went into the store. I used the facilities first before browsing for something
to eat and drink, hoping maybe caffeine and something consumed other than those
protein bars would help with my throbbing head. The truck stop wasn’t very busy
so early in the morning; there were only a few other customers in the store. I ended
up grabbing a large bottle of water, an energy drink and three packaged
sandwiches, taking my glorious bounty to the front of the store to pay.

“Mornin',” said a small man with
pinched eyes behind the counter in a monotone voice.

“Good morning,” I said back in an
annoying cheerful manner, responding to his lack of cheerfulness.

The gas and food cost $47.59. I
gave the clerk a fifty from my pocket and he handed back the change and a bag
to fill with my purchases. “Thanks,” I said and left the store.

As I was walking back to my truck,
I noticed the sky seemed much brighter than when I had gone inside only five
minutes earlier. It was getting time to find a motel for the day.

I opened the door to the truck
and was about to get in when I heard a cheerful “hello” coming from the pump
next to me.

“Hello,” I said and turned to the
girl I hadn’t noticed. I guess maybe I should have. She was striking.

She looked older than me, but not
by much. Maybe nineteen? Her shoulder-length chocolate hair blew with the
breeze. Her jeans fit snug over her athletic but slim legs and she wore a light
blue ski jacket that seemed tailored to be worn by only her.

She was filling the tank of a
black SUV. I couldn’t tell what make or model it was, but it was definitely
newer and leaps and bounds nicer than my piece of crap, probably made within
the last couple of years rather than the last couple decades.

“It’s supposed to be a beautiful
day,” she said conversationally.

I nodded. “It looks like it just
might be.”

“Are you staying in the area or
just passing through?” Her voice was confident, but pleasant.

“Just passing through.”

“Me too, although seeing the
beautiful morning sky sure makes me want to find an excuse to stay.”

“I have to get going but it was
nice to meet you,” I said as I got back into the truck, cutting the
conversation short.

Did I mention I wasn’t very good
at small talk with girls or really people in general? I wasn’t shy, though a
pretty face was likely to fumble my words some and her face was undoubtedly
pretty. I’d just had a lot of practice at avoiding people. Small talk led to
questions I didn’t want to answer, also daybreak was closing in and I needed to
get going.

The girl smiled, not showing any
annoyance at my rudeness. “You too.”

Once in the truck, I got back on
the highway for a couple of miles and took an exit advertising the Rocky Ridge
Inn. It looked old and out of the way, my kind of place.

I pulled up to the inn which
advertised free HBO and rates from $29 a night.

I laughed. “They had me at the
free HBO.”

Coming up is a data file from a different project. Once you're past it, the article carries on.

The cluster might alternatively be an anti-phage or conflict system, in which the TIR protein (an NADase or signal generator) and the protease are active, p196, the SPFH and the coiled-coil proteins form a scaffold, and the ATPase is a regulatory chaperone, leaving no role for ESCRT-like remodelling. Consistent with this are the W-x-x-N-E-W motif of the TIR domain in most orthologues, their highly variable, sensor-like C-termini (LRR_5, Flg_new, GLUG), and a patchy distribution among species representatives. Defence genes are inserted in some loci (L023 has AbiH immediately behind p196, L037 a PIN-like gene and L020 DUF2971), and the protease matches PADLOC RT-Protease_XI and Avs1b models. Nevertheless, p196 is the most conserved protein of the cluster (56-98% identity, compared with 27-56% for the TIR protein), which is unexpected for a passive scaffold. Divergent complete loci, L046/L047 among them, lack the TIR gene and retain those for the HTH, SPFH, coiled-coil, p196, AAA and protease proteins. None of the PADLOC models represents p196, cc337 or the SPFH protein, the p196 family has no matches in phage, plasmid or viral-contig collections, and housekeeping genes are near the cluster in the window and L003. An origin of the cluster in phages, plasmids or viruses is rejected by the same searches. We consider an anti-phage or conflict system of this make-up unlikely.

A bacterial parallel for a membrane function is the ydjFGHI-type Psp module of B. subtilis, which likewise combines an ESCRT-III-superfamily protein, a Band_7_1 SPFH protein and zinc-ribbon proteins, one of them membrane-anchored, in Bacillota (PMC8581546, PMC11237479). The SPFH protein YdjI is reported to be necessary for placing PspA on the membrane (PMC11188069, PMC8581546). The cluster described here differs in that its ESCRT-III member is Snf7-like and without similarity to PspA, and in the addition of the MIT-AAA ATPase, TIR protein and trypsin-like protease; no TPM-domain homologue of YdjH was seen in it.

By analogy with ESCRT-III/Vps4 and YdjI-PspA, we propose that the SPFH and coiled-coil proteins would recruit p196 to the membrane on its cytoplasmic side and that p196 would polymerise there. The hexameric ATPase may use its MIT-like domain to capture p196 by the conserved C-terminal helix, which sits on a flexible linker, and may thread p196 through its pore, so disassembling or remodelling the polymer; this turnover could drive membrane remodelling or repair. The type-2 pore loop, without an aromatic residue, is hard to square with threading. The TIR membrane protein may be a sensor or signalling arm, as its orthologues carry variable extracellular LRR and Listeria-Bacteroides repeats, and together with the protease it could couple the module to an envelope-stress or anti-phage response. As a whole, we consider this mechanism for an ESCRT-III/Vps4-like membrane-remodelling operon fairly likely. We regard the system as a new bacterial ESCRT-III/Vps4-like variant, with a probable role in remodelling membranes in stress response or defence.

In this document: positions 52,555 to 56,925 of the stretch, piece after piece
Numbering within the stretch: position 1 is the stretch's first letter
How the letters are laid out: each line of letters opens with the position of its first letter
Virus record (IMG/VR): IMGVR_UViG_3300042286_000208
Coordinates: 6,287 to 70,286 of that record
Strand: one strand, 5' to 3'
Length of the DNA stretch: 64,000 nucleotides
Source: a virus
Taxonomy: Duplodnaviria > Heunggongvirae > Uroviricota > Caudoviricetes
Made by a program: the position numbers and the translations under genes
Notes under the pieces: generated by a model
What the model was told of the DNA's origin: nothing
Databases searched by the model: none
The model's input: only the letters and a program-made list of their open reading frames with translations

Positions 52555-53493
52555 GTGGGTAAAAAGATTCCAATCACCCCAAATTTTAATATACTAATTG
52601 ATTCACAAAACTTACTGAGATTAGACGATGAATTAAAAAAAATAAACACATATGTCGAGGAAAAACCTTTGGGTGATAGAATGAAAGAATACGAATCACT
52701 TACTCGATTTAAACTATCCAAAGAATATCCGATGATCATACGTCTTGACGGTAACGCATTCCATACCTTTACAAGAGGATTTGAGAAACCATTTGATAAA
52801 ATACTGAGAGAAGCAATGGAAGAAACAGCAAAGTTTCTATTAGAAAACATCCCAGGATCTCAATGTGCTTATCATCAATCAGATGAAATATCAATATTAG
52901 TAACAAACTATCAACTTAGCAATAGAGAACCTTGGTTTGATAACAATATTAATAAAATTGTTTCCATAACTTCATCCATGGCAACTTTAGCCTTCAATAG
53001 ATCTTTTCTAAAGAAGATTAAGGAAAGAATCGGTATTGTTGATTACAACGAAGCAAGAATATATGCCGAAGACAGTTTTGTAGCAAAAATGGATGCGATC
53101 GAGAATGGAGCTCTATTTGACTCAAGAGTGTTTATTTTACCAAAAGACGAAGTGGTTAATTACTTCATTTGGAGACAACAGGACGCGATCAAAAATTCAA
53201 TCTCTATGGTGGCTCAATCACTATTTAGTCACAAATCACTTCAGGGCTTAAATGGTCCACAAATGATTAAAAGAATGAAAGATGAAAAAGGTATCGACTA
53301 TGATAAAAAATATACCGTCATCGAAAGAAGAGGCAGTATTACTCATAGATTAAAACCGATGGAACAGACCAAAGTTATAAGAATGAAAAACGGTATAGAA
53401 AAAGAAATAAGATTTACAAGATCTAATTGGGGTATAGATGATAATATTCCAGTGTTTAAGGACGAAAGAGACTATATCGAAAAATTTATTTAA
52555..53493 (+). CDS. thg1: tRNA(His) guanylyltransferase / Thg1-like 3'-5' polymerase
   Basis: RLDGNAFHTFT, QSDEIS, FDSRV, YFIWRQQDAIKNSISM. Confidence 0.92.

The inn looked ancient and
neglected. It was a one-story, pull up to the door of the room crap hole with a
chipped paint wood exterior. I was familiar with the type of place. It provided
all I was looking for, ambiguity, a shower and a place to sleep.

After parking, I walked into the
front office of. A tired looking middle-aged woman was sitting at the desk with
a cigarette in one hand and a novel displaying some bare-chested, long-haired
man on the cover in the other. The room had a strong odor of tobacco smoke
accompanied with an underlying musty smell and something else not discernible,
but unpleasant. It was kind of a sour rot and something I didn’t want to dwell
too much on.

Apparently dressing up the
reception area had never been in the inn’s budget. It was a plain white room
adorned with years of neglect and a single smoke stained framed cross-stitch of
a brown owl. There was a cluttered desk with only a small area to stand in
front of it.

The woman looked up as I let the
door close behind me.

“May I help you?” she asked, her
deep husky voice revealing she probably started smoking right out of the womb.

“I wanted to see if I could get a

“Ok. Will you be staying past


“If you’ll be staying past 11:00,
I’ll need to charge you for two nights,” she said.

“That’s fine.” I didn’t really
care; that wasn’t uncommon due to the hours I kept.

“Well, the only rooms I have left
are the two honeymoon suites.”

No big surprise. It wasn’t
exactly a prime honeymoon get away location.

“I’ll take one.”

She said it would be $45 per
night and I pulled out the bundle of cash from my pocket to give her two $50
bills. She gave me back the change and a room key. The key had a large red
heart keychain with a large “ten” painted silver on it.

“Room ten,” she said.

“Thanks.” I headed back outside.

Now that I had my heart-shaped
key in hand, I pulled the truck in front of my room. It was even brighter now

I grabbed the small plastic bag containing
my recent truck stop purchase as well as the large duffle I had in the back of
the truck. I used the key to unlock the door to my honeymoon suite. The room
had the same smoky-musty smell, but maybe with a little less smoke and without
the sour rot.

BOOK: Masked
5.41Mb size Format: txt, pdf, ePub